Blackwater National Wildlife Refuge
This 27,000-acre refuge contains wetlands and forests similar to those of the mid-19th century. These wetlands provided protection to freedom seekers, who followed the rivers northward, hid in the forests and marshes, foraged for food and struggled through water to throw pursuers off their trail.
The wooded forests, marshland and waterways that characterize the Refuge are largely unchanged from the time that Harriet Tubman lived and worked in Dorchester County. The Blackwater NWR Visitor Center is situated halfway between Bucktown to the east where her enslaver, Edward Brodess, lived and she spent portions of her childhood, and the plantation to the west where her father labored and where she had likely been born. The trails and waterways at Blackwater offer interpretation about life on this landscape during the antebellum period. They offer a place for visitors to see birds, wildlife and environs that were a part of Harriet’s life.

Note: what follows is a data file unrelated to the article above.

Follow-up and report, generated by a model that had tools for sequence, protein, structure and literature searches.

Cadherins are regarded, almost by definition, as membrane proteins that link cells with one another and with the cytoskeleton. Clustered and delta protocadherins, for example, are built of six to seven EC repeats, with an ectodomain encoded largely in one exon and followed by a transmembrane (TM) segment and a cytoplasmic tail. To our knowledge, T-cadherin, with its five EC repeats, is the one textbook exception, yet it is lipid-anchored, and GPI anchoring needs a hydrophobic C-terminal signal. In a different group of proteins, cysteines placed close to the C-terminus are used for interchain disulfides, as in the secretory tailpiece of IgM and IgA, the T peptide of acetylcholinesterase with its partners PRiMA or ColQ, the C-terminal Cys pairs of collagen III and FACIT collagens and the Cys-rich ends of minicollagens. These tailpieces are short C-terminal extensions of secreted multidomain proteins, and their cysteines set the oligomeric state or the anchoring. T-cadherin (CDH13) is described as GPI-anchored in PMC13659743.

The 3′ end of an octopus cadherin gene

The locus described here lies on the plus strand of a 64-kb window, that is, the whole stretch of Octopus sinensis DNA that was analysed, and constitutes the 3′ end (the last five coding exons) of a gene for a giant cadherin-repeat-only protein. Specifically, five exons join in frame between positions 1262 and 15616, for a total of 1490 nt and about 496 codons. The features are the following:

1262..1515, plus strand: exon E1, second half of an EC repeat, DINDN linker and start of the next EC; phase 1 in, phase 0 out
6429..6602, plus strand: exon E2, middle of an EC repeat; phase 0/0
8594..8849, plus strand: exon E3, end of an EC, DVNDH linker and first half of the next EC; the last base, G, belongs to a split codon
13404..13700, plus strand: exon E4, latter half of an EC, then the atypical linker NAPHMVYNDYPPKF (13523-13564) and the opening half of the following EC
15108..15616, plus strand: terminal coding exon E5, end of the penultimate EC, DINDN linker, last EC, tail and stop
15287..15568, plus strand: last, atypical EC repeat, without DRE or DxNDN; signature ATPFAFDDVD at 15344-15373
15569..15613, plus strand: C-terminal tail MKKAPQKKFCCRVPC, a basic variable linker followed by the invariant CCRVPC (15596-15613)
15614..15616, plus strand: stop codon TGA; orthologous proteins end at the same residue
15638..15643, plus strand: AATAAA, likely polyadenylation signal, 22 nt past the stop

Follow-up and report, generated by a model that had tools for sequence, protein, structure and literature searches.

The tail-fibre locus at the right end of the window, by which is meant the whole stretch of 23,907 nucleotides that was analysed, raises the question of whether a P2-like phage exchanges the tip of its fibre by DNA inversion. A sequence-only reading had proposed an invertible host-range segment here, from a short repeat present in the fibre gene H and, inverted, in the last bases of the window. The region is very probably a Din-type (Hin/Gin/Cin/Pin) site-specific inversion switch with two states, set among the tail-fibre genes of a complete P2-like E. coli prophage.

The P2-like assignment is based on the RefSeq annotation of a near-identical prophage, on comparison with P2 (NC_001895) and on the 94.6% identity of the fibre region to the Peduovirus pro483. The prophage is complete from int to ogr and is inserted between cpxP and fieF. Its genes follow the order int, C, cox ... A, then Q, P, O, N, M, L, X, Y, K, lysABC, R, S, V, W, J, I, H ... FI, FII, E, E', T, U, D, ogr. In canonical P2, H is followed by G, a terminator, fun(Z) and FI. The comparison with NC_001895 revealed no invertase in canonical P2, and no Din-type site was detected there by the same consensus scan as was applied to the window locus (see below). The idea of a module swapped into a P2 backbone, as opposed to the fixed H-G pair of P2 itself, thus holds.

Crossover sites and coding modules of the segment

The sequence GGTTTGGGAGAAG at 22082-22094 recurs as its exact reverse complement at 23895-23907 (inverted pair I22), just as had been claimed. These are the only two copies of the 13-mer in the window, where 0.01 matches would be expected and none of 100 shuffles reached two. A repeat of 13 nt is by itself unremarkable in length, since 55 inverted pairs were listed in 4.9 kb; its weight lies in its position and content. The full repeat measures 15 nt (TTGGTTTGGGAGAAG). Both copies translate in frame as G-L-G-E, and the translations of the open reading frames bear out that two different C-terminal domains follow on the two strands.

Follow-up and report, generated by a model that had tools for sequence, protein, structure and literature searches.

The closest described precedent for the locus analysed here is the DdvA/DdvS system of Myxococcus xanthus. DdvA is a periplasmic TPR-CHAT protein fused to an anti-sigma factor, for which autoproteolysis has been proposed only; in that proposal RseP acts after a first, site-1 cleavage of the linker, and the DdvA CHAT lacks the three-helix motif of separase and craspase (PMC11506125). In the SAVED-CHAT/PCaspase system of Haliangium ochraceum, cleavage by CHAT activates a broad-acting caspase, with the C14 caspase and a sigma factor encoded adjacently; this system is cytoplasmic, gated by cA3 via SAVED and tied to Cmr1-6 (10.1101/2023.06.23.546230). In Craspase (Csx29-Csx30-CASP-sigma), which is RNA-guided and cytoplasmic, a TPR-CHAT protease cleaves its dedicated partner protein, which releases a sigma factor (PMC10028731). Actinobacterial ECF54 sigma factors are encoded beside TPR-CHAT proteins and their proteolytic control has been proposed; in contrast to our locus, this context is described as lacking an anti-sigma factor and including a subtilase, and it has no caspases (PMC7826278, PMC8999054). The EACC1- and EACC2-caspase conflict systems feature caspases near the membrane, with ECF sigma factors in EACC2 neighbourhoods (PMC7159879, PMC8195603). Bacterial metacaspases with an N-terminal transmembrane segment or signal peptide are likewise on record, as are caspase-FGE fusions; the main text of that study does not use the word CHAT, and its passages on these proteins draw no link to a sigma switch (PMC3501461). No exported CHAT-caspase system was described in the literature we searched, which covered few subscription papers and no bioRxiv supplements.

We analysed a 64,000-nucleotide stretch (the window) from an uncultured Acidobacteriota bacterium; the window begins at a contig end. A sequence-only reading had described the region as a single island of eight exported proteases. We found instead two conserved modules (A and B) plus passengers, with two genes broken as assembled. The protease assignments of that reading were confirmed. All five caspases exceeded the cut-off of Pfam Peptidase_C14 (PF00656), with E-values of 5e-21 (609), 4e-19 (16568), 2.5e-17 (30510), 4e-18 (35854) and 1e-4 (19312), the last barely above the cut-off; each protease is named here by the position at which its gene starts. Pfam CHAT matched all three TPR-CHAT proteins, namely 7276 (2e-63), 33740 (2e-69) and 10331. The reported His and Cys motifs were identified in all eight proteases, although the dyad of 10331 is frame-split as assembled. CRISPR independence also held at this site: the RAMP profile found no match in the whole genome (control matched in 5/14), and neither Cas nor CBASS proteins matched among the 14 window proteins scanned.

Knowledge of the terrain was vital to survival while hiding and fleeing to freedom. Harriet and others had to successfully navigate the land and waterways, trap and forage for food, and hide from their pursuers. Fleeing slaves often suffered from weather extremes without proper shelter and clothing to protect them from the elements. Though Harriet is not known to have liberated others from this area, several escapes did occur within the Refuge boundaries.
For more information, visit www.fws.gov/blackwater/, or call 410-228-2677.
GPS Coordinates: 38.444829,-76.119574